The Scientist

» prey, evolution and disease/medicine

Most Recent

image: $230M for Big Disease

$230M for Big Disease

By | February 5, 2014

The National Institutes of Health is partnering with 10 drug companies to find new treatments for Alzheimer’s disease, diabetes, rheumatoid arthritis, and lupus.

1 Comment

image: New Bird Flu Threat?

New Bird Flu Threat?

By | February 4, 2014

Chinese officials report the first two human cases of H10N8 avian influenza, one of which is linked to the death of a 73-year-old woman.

0 Comments

image: Microbial Smog

Microbial Smog

By | February 3, 2014

Some 1,300 species of microbes, including some associated with allergies and lung disease, are adrift in Beijing’s thick smog.

4 Comments

image: An Offensive Playbook

An Offensive Playbook

By | February 1, 2014

Developing nonaddictive drugs to combat pain

0 Comments

image: Book Excerpt from <em>Buddhist Biology</em>

Book Excerpt from Buddhist Biology

By | February 1, 2014

In Chapter 1, “A Science Sutra,” author David Barash describes how the ancient philosophy might form the perfect link between science and religion.

11 Comments

image: Contributors

Contributors

By | February 1, 2014

Meet some of the people featured in the February 2014 issue of The Scientist.

0 Comments

image: On Race and Medicine

On Race and Medicine

By | February 1, 2014

Until health care becomes truly personalized, race and ethnicity will continue to be important clues guiding medical treatments.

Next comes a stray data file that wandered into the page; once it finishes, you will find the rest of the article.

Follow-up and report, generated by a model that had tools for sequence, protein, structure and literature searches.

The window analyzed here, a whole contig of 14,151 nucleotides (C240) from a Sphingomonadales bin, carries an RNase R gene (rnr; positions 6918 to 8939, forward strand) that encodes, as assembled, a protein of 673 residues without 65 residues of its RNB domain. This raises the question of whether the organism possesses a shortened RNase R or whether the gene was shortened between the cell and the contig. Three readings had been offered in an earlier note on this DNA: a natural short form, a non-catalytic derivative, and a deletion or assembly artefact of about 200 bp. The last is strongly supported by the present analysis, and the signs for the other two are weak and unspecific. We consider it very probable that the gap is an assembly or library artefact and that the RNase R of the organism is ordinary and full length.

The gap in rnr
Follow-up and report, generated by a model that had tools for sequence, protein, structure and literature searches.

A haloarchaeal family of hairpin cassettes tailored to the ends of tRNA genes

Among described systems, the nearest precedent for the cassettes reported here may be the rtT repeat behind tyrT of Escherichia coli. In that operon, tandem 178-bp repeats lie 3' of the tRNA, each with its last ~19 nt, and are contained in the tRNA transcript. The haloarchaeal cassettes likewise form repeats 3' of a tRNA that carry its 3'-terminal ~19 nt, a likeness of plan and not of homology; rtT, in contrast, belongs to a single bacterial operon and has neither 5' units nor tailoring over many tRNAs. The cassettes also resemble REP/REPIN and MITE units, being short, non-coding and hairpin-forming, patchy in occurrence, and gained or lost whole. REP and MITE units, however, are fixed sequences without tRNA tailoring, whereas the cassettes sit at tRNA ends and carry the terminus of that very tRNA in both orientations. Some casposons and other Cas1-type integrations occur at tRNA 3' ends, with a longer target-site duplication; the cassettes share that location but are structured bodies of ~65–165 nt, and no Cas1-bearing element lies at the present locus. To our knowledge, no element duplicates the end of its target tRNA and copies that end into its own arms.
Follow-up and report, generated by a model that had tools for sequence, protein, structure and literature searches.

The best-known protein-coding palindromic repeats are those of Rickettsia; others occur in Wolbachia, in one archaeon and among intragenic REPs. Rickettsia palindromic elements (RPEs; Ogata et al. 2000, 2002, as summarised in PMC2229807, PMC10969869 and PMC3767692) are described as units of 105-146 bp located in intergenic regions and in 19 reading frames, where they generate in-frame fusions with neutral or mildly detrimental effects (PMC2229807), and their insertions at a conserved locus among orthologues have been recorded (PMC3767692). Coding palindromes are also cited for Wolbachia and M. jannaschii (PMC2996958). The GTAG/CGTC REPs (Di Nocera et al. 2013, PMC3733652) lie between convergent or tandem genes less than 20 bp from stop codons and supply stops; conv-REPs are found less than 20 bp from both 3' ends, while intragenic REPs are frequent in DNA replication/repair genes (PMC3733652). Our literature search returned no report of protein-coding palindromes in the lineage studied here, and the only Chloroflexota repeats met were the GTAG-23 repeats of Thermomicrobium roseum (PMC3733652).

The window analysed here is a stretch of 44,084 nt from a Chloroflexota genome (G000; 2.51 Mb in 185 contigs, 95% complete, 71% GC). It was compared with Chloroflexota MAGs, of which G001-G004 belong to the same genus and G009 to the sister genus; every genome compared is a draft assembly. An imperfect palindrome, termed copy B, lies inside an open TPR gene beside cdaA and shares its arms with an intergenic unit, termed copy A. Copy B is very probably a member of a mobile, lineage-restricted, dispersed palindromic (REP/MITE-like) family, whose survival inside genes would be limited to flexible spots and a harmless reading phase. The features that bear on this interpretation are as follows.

2 Comments

image: Self-Improvement Through the Ages

Self-Improvement Through the Ages

By | February 1, 2014

A 50,000-generation-long experiment shows that bacteria keep getting fitter.

2 Comments

image: Pain and Progress

Pain and Progress

By | February 1, 2014

Is it possible to make a nonaddictive opioid painkiller?

1 Comment

image: Syphilis: Then and Now

Syphilis: Then and Now

By , , and | February 1, 2014

Researchers are zeroing in on the origin of syphilis and related diseases, which continue to plague the human population some 500 years after the first documented case.

12 Comments

Popular Now

  1. Major German Universities Cancel Elsevier Contracts
  2. Running on Empty
    Features Running on Empty

    Regularly taking breaks from eating—for hours or days—can trigger changes both expected, such as in metabolic dynamics and inflammation, and surprising, as in immune system function and cancer progression.

  3. Most of Human Genome Nonfunctional: Study
  4. Identifying Predatory Publishers
AAAS